There are signs to watch for if your pet is having an issue with its ears. These, according to Jonas, include:
  • Shaking its head
  • Flapping its ears
  • Rubbing at its ears, either with a paw or by rubbing against furniture or carpet
  • Self-massaging the ear to ease itch, pain or irritation
  • Debris and/or redness inside the ear
  • Sores inside the ear
  • Odor in the ear due to abnormal oils and bacteria
"If you [the pet owner] look in the ear, you can see sometimes a lot of debris," said Jonas, explaining what an ear with an infection or problem may look like. "Then [you] see redness on the ear flaps (inside) or sores developing. And then there's also odor that occurs when you have an abnormal ear."

Breeds to watch
There are certain breeds of dogs—such as Shar Peis, bulldogs and poodles—that have narrow ear canals and have a higher chance of incurring ear issues. Poodles, especially, have more hair in the canals, Jonas explained. "The hair itself is not a problem, but if they've got something abnormal with their whole defense system, all that extra hair in there makes it difficult."
Cocker spaniels are notorious for ear problems, Jonas added.

When to clean your pet's ears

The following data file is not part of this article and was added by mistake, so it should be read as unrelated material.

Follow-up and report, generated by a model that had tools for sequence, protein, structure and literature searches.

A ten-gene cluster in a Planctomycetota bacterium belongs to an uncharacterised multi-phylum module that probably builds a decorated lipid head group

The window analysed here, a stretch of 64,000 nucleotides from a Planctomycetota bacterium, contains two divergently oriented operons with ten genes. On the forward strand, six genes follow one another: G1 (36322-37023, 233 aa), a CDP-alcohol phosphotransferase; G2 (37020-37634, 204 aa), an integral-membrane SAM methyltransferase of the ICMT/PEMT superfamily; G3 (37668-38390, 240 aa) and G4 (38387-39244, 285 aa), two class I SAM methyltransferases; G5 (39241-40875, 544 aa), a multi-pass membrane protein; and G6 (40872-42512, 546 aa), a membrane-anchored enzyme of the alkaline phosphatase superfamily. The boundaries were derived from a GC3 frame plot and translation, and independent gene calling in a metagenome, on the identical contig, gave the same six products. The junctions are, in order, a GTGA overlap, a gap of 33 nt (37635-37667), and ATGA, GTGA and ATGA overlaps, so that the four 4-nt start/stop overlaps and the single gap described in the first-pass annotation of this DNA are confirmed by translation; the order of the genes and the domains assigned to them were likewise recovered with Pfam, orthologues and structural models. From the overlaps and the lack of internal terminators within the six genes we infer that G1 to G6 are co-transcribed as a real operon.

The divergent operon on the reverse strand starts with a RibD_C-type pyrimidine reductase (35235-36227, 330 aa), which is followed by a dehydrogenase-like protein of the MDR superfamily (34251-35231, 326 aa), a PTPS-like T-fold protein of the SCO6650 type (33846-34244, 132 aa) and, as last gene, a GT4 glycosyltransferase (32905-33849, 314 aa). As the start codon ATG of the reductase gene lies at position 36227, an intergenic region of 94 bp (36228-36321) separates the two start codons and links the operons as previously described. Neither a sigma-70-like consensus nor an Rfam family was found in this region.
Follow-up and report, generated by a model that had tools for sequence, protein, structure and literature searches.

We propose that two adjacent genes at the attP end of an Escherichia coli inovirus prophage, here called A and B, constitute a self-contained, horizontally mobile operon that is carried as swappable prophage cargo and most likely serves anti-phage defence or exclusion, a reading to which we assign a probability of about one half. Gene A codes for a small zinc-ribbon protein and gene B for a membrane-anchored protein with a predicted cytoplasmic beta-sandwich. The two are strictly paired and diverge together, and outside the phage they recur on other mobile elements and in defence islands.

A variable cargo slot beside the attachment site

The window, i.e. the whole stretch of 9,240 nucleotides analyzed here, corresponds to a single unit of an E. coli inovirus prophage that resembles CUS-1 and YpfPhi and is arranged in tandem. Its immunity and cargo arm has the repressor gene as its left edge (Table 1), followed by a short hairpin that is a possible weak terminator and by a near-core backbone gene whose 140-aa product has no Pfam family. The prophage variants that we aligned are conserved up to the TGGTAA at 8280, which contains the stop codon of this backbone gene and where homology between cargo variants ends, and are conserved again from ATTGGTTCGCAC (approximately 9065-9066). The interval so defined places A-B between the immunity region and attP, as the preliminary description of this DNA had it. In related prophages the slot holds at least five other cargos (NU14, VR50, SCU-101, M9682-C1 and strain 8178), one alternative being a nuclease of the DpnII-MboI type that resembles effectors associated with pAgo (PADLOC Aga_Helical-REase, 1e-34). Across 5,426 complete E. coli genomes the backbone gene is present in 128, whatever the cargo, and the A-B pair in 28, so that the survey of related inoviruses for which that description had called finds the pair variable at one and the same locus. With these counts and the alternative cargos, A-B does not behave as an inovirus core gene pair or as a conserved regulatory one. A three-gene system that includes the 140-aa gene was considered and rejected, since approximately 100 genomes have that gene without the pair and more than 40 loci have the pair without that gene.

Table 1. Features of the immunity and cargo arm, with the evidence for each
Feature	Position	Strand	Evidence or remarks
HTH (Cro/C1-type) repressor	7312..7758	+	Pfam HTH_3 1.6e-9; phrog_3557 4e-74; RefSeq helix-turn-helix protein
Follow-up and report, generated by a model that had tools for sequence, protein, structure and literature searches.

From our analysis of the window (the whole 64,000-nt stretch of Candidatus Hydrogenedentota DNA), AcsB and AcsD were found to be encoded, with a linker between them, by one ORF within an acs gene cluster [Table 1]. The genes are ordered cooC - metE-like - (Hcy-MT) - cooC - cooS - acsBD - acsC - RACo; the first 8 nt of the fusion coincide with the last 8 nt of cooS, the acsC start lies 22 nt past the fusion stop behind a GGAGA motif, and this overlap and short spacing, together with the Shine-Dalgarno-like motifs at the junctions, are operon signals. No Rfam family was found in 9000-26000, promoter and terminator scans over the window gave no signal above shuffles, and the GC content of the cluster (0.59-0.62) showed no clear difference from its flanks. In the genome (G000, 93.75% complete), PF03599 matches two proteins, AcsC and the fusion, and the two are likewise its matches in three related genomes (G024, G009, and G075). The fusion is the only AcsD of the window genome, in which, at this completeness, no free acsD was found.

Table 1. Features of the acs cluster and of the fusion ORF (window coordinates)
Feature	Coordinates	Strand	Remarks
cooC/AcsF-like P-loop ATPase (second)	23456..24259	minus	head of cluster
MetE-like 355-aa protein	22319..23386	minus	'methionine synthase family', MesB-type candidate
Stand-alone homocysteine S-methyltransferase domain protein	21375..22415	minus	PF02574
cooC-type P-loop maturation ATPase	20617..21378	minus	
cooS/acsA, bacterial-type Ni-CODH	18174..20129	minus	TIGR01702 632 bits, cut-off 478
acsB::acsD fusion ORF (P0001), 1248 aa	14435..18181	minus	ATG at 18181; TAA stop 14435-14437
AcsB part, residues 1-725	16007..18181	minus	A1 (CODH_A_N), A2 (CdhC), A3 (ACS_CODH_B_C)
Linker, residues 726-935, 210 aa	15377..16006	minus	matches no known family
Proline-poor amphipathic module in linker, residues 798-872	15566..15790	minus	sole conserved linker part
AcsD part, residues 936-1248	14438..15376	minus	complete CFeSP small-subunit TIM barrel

According to Jonas, it's best to consult your veterinarian before going forward with an ear-cleaning regimen. Unlike cleaning the teeth, cleaning the ears does not need be done regularly. If a pet owner suspects that something may be wrong with the ear, it's advised to visit the veterinarian and establish whether the dog's ear needs to be cleaned by the owner either routinely or for an instructed period of time.
Cleaning the dog's ears without first seeing a veterinarian is not a good idea, Jonas said, "because you don't know what's going on inside. You don't know if there has been a ruptured ear drum; you don't know if there's a stick or a stone or something stuck down inside the ear that needs to be fished out by a veterinarian."
A veterinarian can diagnose the problem and make the proper recommendations, which may be cleaning and/or medication.